Central Banks are in fact unnecessary: Hong Kong, for instance does not have one, but does have a Monetary Authority.

In my view Treasury Credits (tax payers money) should be issued free of charge, but subject to collective Guarantees (probably operating locally and regionally, but linked), for which users of credit would pay an amount into a "Default Pool", from which defaults and system costs would be met.

In such a dis-intermediated model banks become service providers, whose function is to set appropriate "Guarantee Limits" and to manage defaults.

The model is interest-free, but not cost-free. The difference is that Bank's interests as service providers are now aligned with everyone else's.

  • 33.
  • At 02:55 PM on 01 Dec 2007,
  • Rabbits and Hatz wrote:

#32 Does that mean the BoE could pay of the £1.4T outstanding personal debt and there would be a zero sum gain. Kool.

  • 34.
  • At 04:23 PM on 01 Dec 2007,
  • Jon wrote:

Chris Cook #16 #32

You are wrong. Banks must always balance their books with the exception of central banks which can print money. Other banks must always borrow money (from depositers, or wholesale markets) in order to cover any loans they make. The BOE is printing money to lend to Northern Rock - it is of no importance what is going on on the other side, the BOE IS devaluing the currency by printing money, it is impossible not to unless they are sterlising there loan which will cost approx the base rate. The money multiplier may contract but that is another matter - central banks can always print money, or destroy it (if they have assets) in attempt to counteract expansions/contractions in credit conditions.

You have talked similar nonsense in previous posts and threads about how the BOE is getting a windfall profit from the baserate of interest. I suggest you stop.

  • 35.
  • At 06:02 PM on 01 Dec 2007,
  • Alan H wrote:

Fascinating looking at the Bank of England website. It is worth looking at the balance sheet at other dates there is clearly other balances within other assets. Intersting if you look at a balance sheet from May 16 there is $48MM in other assets.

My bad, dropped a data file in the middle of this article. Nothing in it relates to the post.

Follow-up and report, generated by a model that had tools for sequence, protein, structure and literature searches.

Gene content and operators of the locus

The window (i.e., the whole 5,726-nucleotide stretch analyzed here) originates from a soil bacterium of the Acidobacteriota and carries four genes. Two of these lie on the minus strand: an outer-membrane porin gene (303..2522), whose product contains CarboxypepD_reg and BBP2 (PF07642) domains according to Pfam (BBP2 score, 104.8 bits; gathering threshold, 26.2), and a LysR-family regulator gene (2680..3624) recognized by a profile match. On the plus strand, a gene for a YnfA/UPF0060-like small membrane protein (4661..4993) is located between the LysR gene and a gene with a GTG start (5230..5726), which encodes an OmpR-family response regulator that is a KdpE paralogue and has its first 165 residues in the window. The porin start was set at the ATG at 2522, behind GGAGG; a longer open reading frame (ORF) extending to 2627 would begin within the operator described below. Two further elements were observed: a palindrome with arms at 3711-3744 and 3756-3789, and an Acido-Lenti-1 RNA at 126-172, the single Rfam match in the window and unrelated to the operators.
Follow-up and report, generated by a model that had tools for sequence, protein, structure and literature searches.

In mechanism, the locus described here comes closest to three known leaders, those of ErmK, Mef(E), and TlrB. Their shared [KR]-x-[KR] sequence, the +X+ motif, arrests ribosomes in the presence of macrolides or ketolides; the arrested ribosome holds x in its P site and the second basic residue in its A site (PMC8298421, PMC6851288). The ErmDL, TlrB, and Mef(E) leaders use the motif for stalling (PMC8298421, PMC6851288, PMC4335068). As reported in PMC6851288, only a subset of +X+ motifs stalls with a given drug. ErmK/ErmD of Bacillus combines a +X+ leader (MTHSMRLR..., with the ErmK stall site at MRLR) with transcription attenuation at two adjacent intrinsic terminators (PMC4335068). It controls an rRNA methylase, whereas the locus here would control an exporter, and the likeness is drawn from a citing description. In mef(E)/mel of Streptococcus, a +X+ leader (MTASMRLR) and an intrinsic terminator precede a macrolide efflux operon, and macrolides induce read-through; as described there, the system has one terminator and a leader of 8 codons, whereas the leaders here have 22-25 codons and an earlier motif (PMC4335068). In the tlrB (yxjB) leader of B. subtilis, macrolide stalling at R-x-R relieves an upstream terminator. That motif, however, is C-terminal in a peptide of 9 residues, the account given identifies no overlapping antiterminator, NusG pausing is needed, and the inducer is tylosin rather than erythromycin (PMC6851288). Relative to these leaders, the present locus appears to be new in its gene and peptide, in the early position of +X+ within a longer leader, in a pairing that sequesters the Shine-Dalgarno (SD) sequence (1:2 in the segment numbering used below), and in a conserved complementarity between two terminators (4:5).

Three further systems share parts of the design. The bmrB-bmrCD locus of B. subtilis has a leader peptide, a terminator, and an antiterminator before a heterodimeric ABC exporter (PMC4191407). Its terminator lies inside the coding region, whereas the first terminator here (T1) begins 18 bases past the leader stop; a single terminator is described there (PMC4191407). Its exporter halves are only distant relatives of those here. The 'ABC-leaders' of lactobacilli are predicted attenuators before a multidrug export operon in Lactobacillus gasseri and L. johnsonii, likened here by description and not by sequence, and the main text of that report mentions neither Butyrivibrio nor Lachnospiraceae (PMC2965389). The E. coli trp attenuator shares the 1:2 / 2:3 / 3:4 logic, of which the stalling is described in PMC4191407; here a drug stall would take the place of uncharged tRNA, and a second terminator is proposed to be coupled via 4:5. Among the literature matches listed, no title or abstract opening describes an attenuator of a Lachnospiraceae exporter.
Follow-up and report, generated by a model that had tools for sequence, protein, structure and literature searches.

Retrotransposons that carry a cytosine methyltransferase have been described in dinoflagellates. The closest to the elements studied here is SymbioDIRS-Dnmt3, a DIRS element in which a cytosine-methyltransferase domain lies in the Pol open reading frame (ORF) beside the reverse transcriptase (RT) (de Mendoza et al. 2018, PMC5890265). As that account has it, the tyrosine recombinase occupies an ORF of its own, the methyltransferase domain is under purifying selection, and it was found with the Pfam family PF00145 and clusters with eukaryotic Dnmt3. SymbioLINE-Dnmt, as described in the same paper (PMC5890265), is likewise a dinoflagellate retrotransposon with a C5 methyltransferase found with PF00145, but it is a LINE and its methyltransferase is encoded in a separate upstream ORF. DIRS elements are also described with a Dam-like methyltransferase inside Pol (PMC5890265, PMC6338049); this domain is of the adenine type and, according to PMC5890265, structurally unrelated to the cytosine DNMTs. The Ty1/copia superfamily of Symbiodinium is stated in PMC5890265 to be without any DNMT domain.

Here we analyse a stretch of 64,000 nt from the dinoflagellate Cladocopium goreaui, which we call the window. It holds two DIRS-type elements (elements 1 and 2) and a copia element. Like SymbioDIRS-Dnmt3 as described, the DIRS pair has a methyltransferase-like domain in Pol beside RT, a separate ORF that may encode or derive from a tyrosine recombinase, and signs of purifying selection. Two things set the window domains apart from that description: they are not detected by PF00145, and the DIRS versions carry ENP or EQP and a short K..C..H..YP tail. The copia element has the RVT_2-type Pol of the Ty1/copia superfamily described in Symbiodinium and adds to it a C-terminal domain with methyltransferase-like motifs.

• 36.
  • At 06:13 PM on 01 Dec 2007,
  • Martin wrote:

Robert has nothing else happened in the business world in recent weeks you feel inspired to write about?

Unlike some of the more barmy readers/posters here I certainly don't claim you caused the Rock's problems (I still can't work out how they arrive at that conclusion) but it is starting to look like you have some form of obsession with the bank.

  • 37.
  • At 12:30 AM on 02 Dec 2007,
  • Colin Smith wrote:

"32. Chris Cook wrote:

But the underlying point is that ALL credit creation by credit intermediaries aka Banks is potentially inflationary if it leaks into consumption."

What do you mean "if it leaks into consumption"?

Inflation is inflation. Whether it's bread and butter, property or an increase in the FTSE All-Share. The distinction is an artificial, political one...

Grocers are punished for their price increases by higher interest rates. Stock brokers are not.

Assets? As an ex-auditor I think I'd be having serious words with the directors of this bank around the recoverability of these loans. It'd be a big call for someone from the Audit Office to demand that the assets be provided for especially now that they know people are watching.

  • 39.
  • At 09:50 AM on 02 Dec 2007,
  • RichK wrote:

The blogger has asked ""how secure is our £20/30 billion in Northern Rock, what are the assets?"

In houses, house prices. The government is gambling on and speculating on and investing in houses and house prices.

So Mr. Darling has invested about £30 billion in houses. In the scenario where house prices crash, the government could loose a majority of this. But the PM Brown considers it worth it in order to maintain himself in power, and too support the British economy.

Unfortunately, Britain does not lead the world economy, and investing money in failing financial institutions and cutting interest rates in the UK will not work.

Some one should tell the PM.